How news is recieved

Daniel Johnson is a twin. His brother, born at the same time. Daniel recieves some news from the school principal that inevitably changes his life forever.

Remember, this happens everywhere in the world. On a far more regular bases than you would like to believe.

The announcement came over the PA. “Can Daniel Johnson please come up to the front office, Daniel Johnson?” My peers snickered around me thinking that I was in trouble, they ribbed me, joking that maybe I got caught smoking a cigarette behind the bike shed. A joke, I would never smoke, I’m too concerned about what it would mean to my health. I suggested that it might be that I was caught selling drugs to the younger kids. Another joke, I have no idea where I could get such things.

The teacher nodded her permission for me to leave. I quickly ducked out before the kids had time to think up something new. No doubt, by the time I returned they would have conjured up something that was horrific and believable. At least that’s what I thought; I did not know that I would not be going back to class that day.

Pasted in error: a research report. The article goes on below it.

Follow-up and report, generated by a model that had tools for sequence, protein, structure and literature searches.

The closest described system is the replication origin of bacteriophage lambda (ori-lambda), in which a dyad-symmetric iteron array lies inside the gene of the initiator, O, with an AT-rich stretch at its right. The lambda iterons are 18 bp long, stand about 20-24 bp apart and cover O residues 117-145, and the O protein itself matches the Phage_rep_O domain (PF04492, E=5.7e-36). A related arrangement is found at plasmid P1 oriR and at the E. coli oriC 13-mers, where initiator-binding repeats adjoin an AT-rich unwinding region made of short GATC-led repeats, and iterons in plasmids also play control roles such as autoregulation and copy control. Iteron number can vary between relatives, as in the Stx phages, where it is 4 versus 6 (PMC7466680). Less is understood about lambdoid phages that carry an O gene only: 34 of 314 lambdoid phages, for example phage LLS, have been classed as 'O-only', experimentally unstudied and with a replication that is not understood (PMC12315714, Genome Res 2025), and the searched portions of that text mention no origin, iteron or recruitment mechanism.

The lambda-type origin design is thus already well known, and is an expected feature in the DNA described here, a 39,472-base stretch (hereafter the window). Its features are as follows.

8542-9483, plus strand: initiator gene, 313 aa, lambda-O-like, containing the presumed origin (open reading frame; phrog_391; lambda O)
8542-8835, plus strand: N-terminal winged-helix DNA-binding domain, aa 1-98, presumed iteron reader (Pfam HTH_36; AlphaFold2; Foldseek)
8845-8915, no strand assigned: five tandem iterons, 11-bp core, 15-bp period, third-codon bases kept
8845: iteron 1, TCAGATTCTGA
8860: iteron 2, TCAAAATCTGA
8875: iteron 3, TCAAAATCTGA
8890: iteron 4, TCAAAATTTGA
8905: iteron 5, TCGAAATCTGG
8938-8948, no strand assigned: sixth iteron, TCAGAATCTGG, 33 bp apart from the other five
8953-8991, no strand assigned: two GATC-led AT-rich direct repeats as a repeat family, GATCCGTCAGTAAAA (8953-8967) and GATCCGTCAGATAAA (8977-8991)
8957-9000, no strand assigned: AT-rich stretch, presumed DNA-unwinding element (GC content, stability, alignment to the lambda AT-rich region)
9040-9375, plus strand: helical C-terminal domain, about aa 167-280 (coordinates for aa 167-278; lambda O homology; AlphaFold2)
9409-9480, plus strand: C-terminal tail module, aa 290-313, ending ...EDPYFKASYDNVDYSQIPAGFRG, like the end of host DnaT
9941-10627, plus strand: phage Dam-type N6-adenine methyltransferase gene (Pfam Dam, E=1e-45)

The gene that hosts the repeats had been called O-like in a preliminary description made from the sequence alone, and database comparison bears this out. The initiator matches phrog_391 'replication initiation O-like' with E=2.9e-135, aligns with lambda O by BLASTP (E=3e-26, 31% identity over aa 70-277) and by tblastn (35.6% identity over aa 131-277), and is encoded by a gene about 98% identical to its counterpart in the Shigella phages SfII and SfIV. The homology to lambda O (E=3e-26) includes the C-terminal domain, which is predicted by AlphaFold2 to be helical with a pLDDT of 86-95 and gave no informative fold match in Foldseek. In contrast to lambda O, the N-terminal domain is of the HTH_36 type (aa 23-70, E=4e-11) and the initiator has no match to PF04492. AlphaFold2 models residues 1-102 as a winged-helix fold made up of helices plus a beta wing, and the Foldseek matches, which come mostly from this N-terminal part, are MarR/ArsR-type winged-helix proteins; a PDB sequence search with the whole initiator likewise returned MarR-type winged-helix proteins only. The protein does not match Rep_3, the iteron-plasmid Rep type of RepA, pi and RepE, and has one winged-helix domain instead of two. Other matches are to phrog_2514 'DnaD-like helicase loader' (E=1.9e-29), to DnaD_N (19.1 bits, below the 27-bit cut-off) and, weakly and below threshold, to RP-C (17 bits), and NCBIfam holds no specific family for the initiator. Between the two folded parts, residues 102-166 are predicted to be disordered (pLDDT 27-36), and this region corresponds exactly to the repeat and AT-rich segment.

I was ushered by the secretary ladies through to the principal’s office. I was outside that door, trying to delay the moment when I would have to knock. Eventually I could not delay any longer; I knocked whilst my heart knocked on my ribs so fast that I feared it would give in to the strain. I was called in, I walked in.

The principal, a woman who looked to be in her late forties sat behind the desk that was as old as the school itself. She wasn’t angry, she wasn’t sad. She did not look anything, instead an air of defeat hung around the room like a thick fog.

Confusion replaced my fear.

I was motioned to a chair. I took it, but I only sat on the edge.

“Daniel.” She said. I was surprised she used my first name, usually she was quite formal. “I am so sorry to be the one to tell you this but your mother and father were in no shape to do so themselves. Your brother was in an accident. He was riding his bike to school this morning and a car…..” I did not hear anything more, except the word “died”.